Biography Sculpture Exhibitions Press Contact








Aidan Dunne

Luke Clancy

Rod Mengeham

Tessa Jackson

Caoimhin Mac Giolla Leith

Paul Moorhouse






The Physicality of Seeing review by Andrew Lambirth 2013

Eilís O'Connell (born 1953) is a very different kind of sculptor, who uses a wide range of materials and finds inspiration equally among the man-made and the organic. In the past she has fashioned shell-like forms out of woven stainless-steel cable or a nest from goose feathers; her latest work, on show at Canary Wharf, ranges from bronze to resin in a rich and satisfying vein of invention. Outside, in the small but popular Canary Wharf Park, where office workers congregate to smoke, lunch and chat, and young mothers bring their children to play in the spring sunshine, there are five substantial O'Connell pieces dotted around the grassy hummocks. 'Anodos' (2010) is like a stylised flame or tear drop, its deeply waisted vertical form in metallic bluey-green polyester resin has a sparkling, candescent quality, the colour shifting as you walk around it, your shadow distorting the surface reflections in a hall-of-mirrors way. It looks like a rather solid ignis fatuus, the will-o'-the-wisp or marsh gas exhalations that burn eerily of their own accord on boggy ground.

'Circuit' (2011), by contrast, is a rolling swirl of pipe in textured grey, an elegant bit of three-dimensional drawing. Two other pieces are strongly reminiscent of Henry Moore — nothing wrong with that, he's a sculptor to revere — though exerting their own independence of character at the same time. 'Sacrificial Anode' (2007), in cast bronze, has anatomical qualities, recalling the curve of hip and haunch and belly, yet it doubles back on itself like some kind of hook or clasp. It's a lovely form with a smooth tactile surface crying out to be caressed. (One big advantage of sculpture in the open air: you can touch it.) 'Slope' (2011) is a chunky slab of resin, a miniature mountain with lovely lines that reveal themselves as you walk around it and the form moves, swelling out from a crisp edge. I nearly missed the fifth piece, a tall bronze slice of tree called 'Atlantic Oak' (2013), presented bark outwards, standing like a sentinel or lightning-struck totem in the grass.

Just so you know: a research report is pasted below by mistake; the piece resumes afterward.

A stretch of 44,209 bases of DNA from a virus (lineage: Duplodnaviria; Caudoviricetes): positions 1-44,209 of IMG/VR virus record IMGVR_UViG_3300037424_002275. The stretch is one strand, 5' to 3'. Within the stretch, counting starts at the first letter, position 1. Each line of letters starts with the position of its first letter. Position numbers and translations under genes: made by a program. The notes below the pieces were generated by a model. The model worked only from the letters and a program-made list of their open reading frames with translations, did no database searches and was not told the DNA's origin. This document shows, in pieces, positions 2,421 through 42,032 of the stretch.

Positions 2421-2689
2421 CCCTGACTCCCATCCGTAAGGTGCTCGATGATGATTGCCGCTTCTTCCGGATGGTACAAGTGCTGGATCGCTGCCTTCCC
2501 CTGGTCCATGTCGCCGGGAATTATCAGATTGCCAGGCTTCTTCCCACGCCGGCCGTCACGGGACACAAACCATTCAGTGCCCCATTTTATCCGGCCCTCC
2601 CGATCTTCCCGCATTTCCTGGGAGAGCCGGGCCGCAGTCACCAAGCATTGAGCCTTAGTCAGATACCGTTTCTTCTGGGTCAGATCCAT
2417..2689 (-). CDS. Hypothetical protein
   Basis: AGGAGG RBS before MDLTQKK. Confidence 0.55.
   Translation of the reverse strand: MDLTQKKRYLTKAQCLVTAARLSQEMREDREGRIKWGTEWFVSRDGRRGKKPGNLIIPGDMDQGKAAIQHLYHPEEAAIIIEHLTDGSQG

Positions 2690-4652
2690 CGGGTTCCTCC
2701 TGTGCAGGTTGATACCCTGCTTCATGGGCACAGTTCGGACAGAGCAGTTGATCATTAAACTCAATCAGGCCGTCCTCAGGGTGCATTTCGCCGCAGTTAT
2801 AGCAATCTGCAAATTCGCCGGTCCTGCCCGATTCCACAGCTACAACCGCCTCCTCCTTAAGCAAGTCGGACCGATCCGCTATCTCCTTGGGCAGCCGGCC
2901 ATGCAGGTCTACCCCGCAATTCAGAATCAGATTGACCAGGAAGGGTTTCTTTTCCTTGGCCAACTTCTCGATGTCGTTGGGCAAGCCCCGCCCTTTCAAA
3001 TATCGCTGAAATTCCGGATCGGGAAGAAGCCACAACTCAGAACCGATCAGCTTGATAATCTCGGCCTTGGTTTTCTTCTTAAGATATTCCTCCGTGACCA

In the foyer of nearby 1 Canada Square is a group of smaller sculptures, including a tear drop and a pebble in clear resin and some small bronzes with striking patinas. The most beautiful of these is 'Cronody', an invented form a little like the skull of a bird, infinitely preferable to 'Meniscus', which looks rather too like a bedpan to earn my wholehearted approval. There are various found objects embedded in clear resin, a sheep skull, a vulture feather, a whalebone, and a number of larger, grouped, standing sculptures. The most memorable of these have conical bodies and a single proboscis or feeler emerging more or less vertically from them, like a plant shoot or a long thin tongue.

The title of one of these forms in a smaller version, 'Gourd Elongated', indicates one organic source of imagery. O'Connell's work is strange, various and intriguing: Irish-born, she lived in London from 1988 to 2001 before returning to Ireland and settling in County Cork. An artist of originality and vision, she deserves to be more widely recognised.




The unclassified Eilis O' Connell by Andrew Lambirth 1999

O' Connell's work possesses a visual weight ( of significance rather than tonnage in the smaller pieces ) which operates effectively without being threatening. Her sculpture has that physical presence, which insists that it be, experienced three dimensionally, in the round , not simply viewed pictorially. O' Connell often adds colour to a sculpture, which has the effect of reducing the apparent weight of the material. This can only be intentional. Some of her work looks hefty , some of it light and airy. What seems to be steel may actually be canvas. O' Connell at one moment pursues a stability she is quite prepared to subvert.

She views experiments with new materials as a means of disinterring memories long buried within her. The process of making sculpture is in some positive and potent sense a process of self- discovery, as well as a way of coming to terms with an

understanding of the world. As she has said " What really interest me is that materials somehow work to bring memories up to the surface . These are real memories - they are very specific and they are very private. I don't know how that happens that spark is what fascinates me."

The process is similar to the direct tapping of the subconscious the Surrealists attempted. Its results couldn't be more different.








All rights reserved to Eilis O Connell